The Ethics of “Placebo-Controlled” Studies
Funny thing. When we hear the term “placebo-controlled study,” the methodological purists amongst us generally think that is a good thing. After all, without a placebo control arm, how would we know whether benefits apparently produced by a therapy were, in fact, actually placebo effects. But check this out. What you will see is a situation in which the circumstances of “placebo control” raise significant ethical questions. Why? Several reasons. Most tellingly, because the study participants were disproportionately “disadvantaged” inner city children of color. AND. Because the placebo control involved withholding a standard treatment for patients with Vitamin D deficiency. AND. Because the study lasted almost a whole year, with standard therapy being withheld for this entire time for the control group.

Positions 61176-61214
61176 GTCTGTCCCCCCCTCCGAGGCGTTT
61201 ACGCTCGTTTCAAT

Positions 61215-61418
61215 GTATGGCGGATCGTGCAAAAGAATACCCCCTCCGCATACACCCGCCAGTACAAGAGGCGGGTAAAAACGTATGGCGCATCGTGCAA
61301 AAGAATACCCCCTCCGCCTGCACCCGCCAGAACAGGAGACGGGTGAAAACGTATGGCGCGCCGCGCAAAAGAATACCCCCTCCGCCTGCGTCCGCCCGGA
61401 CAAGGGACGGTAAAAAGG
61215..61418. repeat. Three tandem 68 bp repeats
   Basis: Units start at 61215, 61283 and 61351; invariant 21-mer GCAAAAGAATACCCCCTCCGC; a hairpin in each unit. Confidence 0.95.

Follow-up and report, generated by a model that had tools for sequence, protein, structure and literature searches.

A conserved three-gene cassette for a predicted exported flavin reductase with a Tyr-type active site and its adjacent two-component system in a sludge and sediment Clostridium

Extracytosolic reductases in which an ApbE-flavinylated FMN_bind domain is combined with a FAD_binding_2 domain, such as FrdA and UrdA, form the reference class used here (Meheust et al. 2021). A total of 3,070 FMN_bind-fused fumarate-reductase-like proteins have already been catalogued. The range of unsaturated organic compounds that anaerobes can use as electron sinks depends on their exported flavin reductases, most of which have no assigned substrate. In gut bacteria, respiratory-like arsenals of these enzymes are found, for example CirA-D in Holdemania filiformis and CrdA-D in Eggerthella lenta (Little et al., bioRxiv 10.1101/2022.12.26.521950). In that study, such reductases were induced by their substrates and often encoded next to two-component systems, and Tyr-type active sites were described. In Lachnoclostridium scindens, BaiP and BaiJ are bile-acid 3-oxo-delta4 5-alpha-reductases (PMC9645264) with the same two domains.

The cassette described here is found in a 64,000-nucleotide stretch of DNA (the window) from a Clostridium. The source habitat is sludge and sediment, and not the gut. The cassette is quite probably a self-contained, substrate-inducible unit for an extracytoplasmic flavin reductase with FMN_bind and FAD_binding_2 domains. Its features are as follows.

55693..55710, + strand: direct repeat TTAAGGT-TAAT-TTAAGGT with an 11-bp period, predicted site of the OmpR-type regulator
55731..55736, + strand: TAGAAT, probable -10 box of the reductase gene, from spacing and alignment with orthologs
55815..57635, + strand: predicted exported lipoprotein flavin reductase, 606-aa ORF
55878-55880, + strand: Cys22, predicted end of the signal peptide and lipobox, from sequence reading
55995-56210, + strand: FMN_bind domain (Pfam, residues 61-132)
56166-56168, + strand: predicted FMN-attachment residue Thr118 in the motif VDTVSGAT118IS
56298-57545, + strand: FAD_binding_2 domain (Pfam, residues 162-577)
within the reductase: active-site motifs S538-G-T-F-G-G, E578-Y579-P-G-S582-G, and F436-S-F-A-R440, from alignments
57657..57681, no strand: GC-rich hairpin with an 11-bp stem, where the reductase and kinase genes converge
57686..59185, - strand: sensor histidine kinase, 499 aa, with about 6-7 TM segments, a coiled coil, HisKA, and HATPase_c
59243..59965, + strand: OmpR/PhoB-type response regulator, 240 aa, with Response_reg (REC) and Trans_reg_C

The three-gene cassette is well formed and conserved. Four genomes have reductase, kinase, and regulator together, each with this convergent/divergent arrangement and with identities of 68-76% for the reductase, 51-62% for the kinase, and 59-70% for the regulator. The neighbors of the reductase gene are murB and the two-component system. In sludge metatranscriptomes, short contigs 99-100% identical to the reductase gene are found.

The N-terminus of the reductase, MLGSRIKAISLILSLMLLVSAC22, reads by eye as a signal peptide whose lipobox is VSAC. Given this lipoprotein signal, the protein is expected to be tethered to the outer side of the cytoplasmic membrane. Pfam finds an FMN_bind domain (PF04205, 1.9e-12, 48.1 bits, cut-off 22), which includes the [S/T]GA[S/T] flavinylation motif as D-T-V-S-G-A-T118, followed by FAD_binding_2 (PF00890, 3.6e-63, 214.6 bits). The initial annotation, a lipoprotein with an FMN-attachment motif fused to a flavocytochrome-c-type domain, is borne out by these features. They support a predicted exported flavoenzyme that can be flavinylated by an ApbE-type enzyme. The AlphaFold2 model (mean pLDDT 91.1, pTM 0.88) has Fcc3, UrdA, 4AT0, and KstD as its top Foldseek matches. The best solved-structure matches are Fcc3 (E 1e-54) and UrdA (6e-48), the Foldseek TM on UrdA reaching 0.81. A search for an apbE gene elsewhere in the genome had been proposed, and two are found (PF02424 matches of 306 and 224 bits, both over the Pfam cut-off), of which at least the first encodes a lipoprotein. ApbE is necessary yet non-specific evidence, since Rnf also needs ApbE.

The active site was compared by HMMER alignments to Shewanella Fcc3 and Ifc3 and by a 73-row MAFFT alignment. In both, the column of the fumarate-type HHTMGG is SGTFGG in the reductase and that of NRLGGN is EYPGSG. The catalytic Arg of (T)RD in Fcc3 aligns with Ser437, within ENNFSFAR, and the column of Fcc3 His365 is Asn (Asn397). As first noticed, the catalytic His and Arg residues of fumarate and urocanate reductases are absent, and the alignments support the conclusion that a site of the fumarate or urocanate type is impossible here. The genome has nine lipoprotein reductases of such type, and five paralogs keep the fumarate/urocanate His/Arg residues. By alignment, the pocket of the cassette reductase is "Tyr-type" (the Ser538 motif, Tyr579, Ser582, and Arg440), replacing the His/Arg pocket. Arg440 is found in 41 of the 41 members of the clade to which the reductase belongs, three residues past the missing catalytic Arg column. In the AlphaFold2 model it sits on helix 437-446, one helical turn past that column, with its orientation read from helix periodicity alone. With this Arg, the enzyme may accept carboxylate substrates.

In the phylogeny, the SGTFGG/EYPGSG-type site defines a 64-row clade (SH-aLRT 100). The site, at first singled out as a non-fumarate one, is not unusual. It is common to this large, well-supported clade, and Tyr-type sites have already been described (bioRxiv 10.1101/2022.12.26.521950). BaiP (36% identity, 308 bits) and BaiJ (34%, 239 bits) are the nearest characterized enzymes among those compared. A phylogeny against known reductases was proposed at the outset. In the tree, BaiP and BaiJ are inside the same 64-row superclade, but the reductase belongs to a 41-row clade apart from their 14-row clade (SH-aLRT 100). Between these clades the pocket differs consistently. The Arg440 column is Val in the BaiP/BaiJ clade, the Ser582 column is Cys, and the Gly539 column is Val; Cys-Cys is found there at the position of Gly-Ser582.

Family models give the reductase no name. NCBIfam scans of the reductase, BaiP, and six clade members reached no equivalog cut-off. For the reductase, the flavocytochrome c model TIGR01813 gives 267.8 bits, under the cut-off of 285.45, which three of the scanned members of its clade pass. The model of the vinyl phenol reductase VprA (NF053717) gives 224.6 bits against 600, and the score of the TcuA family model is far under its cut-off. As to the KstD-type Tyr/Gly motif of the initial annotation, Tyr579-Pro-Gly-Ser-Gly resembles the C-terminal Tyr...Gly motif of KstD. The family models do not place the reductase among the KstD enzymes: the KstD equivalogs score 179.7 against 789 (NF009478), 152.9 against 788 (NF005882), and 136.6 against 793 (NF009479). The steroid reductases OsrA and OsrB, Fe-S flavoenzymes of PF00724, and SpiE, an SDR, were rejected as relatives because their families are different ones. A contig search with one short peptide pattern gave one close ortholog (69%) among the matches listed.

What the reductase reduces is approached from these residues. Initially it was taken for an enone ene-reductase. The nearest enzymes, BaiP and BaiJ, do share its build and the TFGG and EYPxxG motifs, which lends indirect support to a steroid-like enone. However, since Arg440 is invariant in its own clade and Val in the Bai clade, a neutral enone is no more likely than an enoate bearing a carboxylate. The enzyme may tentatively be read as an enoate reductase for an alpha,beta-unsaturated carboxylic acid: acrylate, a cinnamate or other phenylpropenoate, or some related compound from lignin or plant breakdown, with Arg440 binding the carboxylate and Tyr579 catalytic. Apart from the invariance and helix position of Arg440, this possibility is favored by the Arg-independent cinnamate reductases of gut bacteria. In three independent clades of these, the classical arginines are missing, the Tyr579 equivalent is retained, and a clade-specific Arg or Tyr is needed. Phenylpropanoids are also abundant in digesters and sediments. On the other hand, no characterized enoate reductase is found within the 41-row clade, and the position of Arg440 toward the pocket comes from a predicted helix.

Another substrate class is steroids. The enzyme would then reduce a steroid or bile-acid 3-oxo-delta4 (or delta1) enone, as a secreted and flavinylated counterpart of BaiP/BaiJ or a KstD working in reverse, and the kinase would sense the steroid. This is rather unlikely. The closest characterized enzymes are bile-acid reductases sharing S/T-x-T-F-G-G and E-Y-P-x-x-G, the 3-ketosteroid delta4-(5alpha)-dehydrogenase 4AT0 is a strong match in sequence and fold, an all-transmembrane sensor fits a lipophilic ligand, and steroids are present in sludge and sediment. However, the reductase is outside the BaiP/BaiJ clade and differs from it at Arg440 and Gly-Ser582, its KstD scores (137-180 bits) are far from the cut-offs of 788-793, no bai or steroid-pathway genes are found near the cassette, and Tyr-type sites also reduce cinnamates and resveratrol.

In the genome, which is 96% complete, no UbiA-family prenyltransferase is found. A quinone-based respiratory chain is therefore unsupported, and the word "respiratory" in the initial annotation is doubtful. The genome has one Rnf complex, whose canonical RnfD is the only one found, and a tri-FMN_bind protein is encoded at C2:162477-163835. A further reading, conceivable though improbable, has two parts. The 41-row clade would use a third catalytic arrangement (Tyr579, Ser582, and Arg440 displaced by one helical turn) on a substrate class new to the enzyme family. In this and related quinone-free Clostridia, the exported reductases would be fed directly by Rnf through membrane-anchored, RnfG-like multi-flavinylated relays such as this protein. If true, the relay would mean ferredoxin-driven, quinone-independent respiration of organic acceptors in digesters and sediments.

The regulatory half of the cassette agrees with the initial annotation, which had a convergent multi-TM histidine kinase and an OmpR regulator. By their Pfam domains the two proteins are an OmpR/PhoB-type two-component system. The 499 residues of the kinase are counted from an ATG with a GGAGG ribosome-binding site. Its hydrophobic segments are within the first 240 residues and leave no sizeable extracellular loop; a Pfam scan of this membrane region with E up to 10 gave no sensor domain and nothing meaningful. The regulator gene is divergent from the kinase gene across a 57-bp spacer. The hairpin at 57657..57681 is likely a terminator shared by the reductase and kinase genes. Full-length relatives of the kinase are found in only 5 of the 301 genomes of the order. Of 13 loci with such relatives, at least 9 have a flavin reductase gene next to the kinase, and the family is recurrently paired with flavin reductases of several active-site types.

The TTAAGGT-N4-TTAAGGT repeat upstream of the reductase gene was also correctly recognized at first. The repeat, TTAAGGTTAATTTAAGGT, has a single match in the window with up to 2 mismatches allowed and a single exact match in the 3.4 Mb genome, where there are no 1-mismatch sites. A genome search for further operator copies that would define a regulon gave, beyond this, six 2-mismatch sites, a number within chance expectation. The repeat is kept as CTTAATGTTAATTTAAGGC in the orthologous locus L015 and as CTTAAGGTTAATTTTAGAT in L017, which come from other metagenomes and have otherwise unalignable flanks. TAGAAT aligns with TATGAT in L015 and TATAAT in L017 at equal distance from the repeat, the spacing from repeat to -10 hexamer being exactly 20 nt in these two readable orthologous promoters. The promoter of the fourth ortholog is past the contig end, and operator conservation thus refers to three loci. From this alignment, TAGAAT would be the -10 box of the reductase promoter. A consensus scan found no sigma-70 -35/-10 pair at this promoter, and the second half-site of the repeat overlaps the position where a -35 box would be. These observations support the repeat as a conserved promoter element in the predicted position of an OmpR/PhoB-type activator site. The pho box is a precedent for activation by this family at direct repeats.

Bottom Line. Think about this one for a couple of minutes. The real kicker here is that this research could have been done without the placebo control arm. The reason it wasn’t? It would have taken longer and been more expensive.
The right question, as posed at the end of this piece, deals with how the heck institutional review boards at several major institutions signed off on this research. Exactly the kind of unethical research such boards are intended to prevent.